Despite the myriad changes to the modern music industry, a triple j addition is still one of the most sought after career goals for local artists. And while there’s no tried and true method to gaining triple j airplay, there are a few trade tips one should adhere to when pitching your single to Music Director Nick Findlay.

Ahead of his panel at BIGSOUND next week, Nick Findlay offers TIO readers an insight into his role, covering how artists can catch his attention, the general rotation lifecycle of a song, his top tips for pitching music, and more.

 

How many new songs do you listen to in a week?

I couldn’t tell you an exact amount as it varies week-to-week, but it would definitely be in hundreds.

 

What’s your preferred way of receiving music from artists, and what information do you need from them?

Digital servicing is the best way for us to receive music – it’s quick, easy, free, better for the environment and it’s not going to get lost in a pile of unmarked CDs. Also, instead of attaching files to your email, it’s best to send through download links. Wav files are the best, so we have a broadcast quality version of the song to play on air. Otherwise a link to a stream of the track like a private Soundcloud link or Unearthed profile is great. Plus of course any artwork or images (single/EP/album cover, artist press shot) and any associated press releases (or dot points on the track if you don’t have a PR).

 

How can a band catch your attention?

By having a great song and being active in your scene. If you’re gigging heaps and have some great tracks coming out, we’ll hear about you. If you’re a bedroom producer who has never hit the stage but are starting to put out some excellent tunes, whether it’s via Unearthed or other digital outlets, we’ll hear about you. In short – produce the goods and we’ll be knocking on your door in no time.

 

 

What’s your top tip for bands and publicists when pitching their music?

  • Be succinct. Just give me the facts that I need to know for the artist and song.
  • Label releases properly with the correct artist and song title. When I download it onto my computer it’ll be easier to find than something called 01_single_voxup_MIFT.wav
  • Send new music a few weeks before it goes public, we may want to premiere it!
  • When sending an album, highlight the key tracks, in case I don’t have time listen to the whole LP immediately.
  • DON’T send weird gimmicks to gain attention – it’s wasteful and takes impact away from what might be a powerful song.

 

How would you describe the ‘triple j sound’?

There’s no ‘triple j sound’ as such – but as a station, triple j sounds like good music, it sounds like new music, it sounds like music that our 18-24 year old demographic are going to get excited about.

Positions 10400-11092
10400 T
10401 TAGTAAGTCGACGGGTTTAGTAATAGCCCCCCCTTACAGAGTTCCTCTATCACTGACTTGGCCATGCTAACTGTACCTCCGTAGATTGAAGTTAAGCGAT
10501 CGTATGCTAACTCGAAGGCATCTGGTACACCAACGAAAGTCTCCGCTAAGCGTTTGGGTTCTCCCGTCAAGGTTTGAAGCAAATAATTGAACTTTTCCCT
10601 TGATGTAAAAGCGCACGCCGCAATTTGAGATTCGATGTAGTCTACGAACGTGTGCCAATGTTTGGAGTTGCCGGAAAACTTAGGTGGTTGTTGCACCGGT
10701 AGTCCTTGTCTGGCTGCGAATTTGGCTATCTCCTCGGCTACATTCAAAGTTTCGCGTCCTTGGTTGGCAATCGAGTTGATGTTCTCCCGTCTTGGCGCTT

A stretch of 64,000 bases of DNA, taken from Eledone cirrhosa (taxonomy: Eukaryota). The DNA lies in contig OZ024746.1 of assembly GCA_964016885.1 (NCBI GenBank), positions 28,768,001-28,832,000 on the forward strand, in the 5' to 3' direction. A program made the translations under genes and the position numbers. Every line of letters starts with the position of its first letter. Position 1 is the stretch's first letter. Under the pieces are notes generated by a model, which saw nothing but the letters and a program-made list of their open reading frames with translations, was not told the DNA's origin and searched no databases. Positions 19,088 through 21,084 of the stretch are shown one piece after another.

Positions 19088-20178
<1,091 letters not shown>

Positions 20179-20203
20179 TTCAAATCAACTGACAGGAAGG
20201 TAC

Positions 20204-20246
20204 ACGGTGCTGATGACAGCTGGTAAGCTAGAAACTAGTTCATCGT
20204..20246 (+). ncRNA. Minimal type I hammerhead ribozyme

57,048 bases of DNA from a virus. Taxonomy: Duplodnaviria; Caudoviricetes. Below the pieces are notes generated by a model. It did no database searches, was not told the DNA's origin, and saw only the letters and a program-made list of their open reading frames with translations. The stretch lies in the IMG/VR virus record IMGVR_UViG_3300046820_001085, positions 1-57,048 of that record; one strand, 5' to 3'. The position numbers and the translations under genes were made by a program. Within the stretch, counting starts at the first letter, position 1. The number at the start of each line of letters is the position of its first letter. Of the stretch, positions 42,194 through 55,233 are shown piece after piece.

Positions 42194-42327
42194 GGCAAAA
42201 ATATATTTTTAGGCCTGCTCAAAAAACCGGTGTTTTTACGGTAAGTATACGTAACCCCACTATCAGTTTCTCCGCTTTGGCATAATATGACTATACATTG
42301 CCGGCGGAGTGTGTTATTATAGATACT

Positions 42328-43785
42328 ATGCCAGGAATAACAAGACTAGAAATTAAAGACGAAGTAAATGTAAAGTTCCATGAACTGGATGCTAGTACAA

Every week we add a huge variety of genres and styles, from indie to hip hop to dance to hardcore. Looking back at the last few weeks of new music added to rotation there are artists as diverse as Ruby Fields, 6lack, Winston Surfshirt, Kah-Lo, Queens Of The Stone Age, Billie Eilish and Baker Boy.

Have you ever added a song to radio that you hated?

One of the key skills to any good music director is to put your listeners ahead of your own personal music tastes. So while there may be some songs added to rotation that I personally wouldn’t put on my home stereo, I would definitely playlist them on radio because I know they’re right for our audience.

 

How conscious are you of diversity on ads each week? e.g. Gender, race, major label artists Vs. indie artists…

Diversity is always front and centre when we are figuring out what to add each week, with a big importance placed on exposing our audience to the diverse range of people making music right now.

 

What are the different rotation categories and how many plays per week fit in each category?

As with most radio stations, you’ll get a mix of high, medium and low rotation categories – there are many sub categories within those, but explaining them and their intricacies can be pretty boring. So in brief, if a song is in medium rotation on triple j it will get one play per day, and if it’s in high you’re looking at around two spins per day.

 

What’s the general rotation lifecycle of a song?

This changes depending on the success of a song but if you look at the average lifespan of a solid track with broad appeal, it will end up with around 80-90 spins over a 2-3 month period. Other songs can drop off earlier if they haven’t proven themselves on air, while others might get played even longer if they’re just that good.

 

How many meetings do you take from radio pluggers, labels, artists and publicists each week?

I have music meetings with record label reps, managers, distributors, publicists and artists themselves from 9am-12noon every Monday and Tuesday. Though we’re moving towards having most music serviced digitally these days which makes for a more efficient system.

 

Nick Findlay will speaking at BIGSOUND on the Thursday panel ‘Why is it Important to Program Australian Content?